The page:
United States v. Chatrie, CRIMINAL 3:19cr130

CourtUnited States District Courts. 4th Circuit. United States District Court (Eastern District of Virginia)
Writing for the CourtM. Hannah Lauck, United States District Judge
Docket NumberCRIMINAL 3:19cr130
Decision Date03 March 2022



CRIMINAL No. 3:19cr130

United States District Court, E.D. Virginia, Richmond Division

March 3, 2022


M. Hannah Lauck, United States District Judge

I. Introduction

Ratified in 1791, the Fourth Amendment to the United States Constitution guarantees to the people the right "to be secure in their persons, houses, papers, and effects, against unreasonable searches and seizures." U.S. Const, amend. IV. To that end, the Framers prohibited the issuance of a warrant, unless that warrant was based "upon probable cause" and unless it "particularly described] the place to be searched, and the persons or things to be seized." Id. The Supreme Court of the United States has since applied the principles embodied in this language to constantly evolving technology-from recording devices in public telephone booths, Katz v. United States, 389 U.S. 347 (1967); to thermal-imaging equipment, Kyllo v. United States, 533 U.S. 27 (2001); and, most recently, to cell-site location data, Carpenter v. United States, 138 S.Ct. 2206 (2018).

This case implicates the next phase in the courts' ongoing efforts to apply the tenets underlying the Fourth Amendment to previously unimaginable investigatory methods. In recent years, technology giant Google (and others) have begun collecting detailed swaths of location data from their users. Law enforcement has seized upon the opportunity presented by this informational stockpile, crafting "geofence" warrants that seek location data for every user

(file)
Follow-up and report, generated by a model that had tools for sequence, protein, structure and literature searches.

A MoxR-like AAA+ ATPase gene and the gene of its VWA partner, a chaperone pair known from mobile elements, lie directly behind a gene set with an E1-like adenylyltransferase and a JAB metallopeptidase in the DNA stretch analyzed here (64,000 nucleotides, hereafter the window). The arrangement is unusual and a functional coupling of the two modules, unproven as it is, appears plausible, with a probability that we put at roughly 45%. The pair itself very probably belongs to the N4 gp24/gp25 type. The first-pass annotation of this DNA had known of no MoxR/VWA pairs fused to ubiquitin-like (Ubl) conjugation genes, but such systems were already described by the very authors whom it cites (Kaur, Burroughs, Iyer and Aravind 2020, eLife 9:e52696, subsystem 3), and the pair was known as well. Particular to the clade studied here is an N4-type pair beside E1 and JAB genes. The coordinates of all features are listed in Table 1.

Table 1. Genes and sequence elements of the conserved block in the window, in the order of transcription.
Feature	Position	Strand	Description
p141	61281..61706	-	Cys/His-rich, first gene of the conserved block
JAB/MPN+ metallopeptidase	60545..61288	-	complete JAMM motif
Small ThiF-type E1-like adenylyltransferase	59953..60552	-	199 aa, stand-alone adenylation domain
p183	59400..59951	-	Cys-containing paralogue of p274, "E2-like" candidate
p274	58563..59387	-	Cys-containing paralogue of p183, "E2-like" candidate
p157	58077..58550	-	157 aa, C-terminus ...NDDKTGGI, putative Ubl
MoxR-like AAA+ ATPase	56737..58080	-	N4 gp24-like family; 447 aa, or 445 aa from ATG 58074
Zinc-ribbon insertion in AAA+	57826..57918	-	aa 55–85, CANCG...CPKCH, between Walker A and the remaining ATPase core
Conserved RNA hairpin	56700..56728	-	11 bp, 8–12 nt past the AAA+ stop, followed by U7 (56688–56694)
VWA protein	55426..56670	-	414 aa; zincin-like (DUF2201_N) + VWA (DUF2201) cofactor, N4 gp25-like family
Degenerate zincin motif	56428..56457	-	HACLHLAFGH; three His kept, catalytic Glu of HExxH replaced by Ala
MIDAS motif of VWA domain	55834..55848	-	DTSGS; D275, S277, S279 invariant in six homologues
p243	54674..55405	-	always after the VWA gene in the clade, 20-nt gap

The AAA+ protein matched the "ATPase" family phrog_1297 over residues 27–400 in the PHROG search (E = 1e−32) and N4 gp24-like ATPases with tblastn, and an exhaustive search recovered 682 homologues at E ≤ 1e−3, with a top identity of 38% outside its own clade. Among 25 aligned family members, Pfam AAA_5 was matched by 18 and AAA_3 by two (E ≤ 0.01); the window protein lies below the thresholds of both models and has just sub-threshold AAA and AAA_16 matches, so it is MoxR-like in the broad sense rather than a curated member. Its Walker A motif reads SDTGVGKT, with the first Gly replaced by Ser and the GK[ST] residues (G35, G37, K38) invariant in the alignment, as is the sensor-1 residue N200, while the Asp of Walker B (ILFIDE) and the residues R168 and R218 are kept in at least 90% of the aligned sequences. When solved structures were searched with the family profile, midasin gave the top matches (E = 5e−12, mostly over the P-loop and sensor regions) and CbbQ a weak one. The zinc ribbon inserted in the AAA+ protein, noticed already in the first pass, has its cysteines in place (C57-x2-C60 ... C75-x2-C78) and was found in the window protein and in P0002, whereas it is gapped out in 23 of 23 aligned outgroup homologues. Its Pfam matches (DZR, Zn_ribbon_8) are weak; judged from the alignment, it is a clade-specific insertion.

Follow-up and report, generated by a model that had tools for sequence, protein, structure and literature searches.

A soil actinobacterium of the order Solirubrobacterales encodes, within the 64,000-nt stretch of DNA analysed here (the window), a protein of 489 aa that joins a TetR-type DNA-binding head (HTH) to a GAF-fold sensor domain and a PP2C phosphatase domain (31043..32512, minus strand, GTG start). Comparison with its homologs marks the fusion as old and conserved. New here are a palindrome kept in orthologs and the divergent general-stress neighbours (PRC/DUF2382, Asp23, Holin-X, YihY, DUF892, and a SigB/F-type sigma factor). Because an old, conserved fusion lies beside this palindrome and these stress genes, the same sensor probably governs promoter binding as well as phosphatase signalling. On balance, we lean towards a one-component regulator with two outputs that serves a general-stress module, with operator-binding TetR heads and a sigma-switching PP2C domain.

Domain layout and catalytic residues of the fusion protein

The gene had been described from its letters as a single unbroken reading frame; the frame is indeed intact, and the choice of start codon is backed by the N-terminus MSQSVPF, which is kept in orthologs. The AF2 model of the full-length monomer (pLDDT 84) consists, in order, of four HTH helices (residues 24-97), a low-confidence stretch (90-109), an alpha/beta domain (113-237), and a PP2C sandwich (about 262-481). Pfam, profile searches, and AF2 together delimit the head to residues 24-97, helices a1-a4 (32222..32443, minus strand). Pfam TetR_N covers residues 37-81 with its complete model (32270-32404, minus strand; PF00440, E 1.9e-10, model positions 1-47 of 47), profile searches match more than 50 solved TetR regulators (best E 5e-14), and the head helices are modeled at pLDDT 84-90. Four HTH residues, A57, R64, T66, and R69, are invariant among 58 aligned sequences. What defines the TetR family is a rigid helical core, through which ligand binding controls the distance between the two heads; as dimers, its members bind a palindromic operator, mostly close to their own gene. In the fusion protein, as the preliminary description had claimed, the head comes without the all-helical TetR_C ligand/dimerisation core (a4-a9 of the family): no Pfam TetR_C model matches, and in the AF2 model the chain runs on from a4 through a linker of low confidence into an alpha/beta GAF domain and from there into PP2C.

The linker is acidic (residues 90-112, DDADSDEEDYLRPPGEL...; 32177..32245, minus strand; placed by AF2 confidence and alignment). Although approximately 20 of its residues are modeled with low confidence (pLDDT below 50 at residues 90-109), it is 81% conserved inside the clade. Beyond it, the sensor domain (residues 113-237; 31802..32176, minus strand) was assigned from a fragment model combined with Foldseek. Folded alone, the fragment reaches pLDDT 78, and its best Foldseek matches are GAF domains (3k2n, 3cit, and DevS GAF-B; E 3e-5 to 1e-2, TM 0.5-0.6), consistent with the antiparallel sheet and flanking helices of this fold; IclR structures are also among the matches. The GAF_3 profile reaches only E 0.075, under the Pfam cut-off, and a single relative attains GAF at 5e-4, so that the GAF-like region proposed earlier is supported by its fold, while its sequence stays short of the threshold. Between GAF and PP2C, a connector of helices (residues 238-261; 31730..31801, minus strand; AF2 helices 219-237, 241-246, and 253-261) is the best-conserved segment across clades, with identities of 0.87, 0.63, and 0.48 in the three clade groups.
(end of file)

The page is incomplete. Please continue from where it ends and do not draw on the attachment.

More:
within a particular area over a particular span of time. In the coming years, further case law will refine precisely whether and to what extent geofence warrants are permissible under the Fourth Amendment. In the instant case, although the Motion to Suppress must ultimately be denied, the Court concludes that this particular geofence warrant plainly violates the rights enshrined in that Amendment.

II. Findings of Fact and Procedural History

A. Findings of Fact[1]

1. The Robbery at the Call Federal Credit Union

On May 20, 2019, at approximately 4:52 p.m., a bank robbery occurred at the Call Federal Credit Union (the "Bank") in Midlothian, Virginia. The suspect held a firearm over the course of the robbery and took $195, 000 from the Bank.

During the robbery, the suspect presented a teller working at the Bank a handwritten note that stated: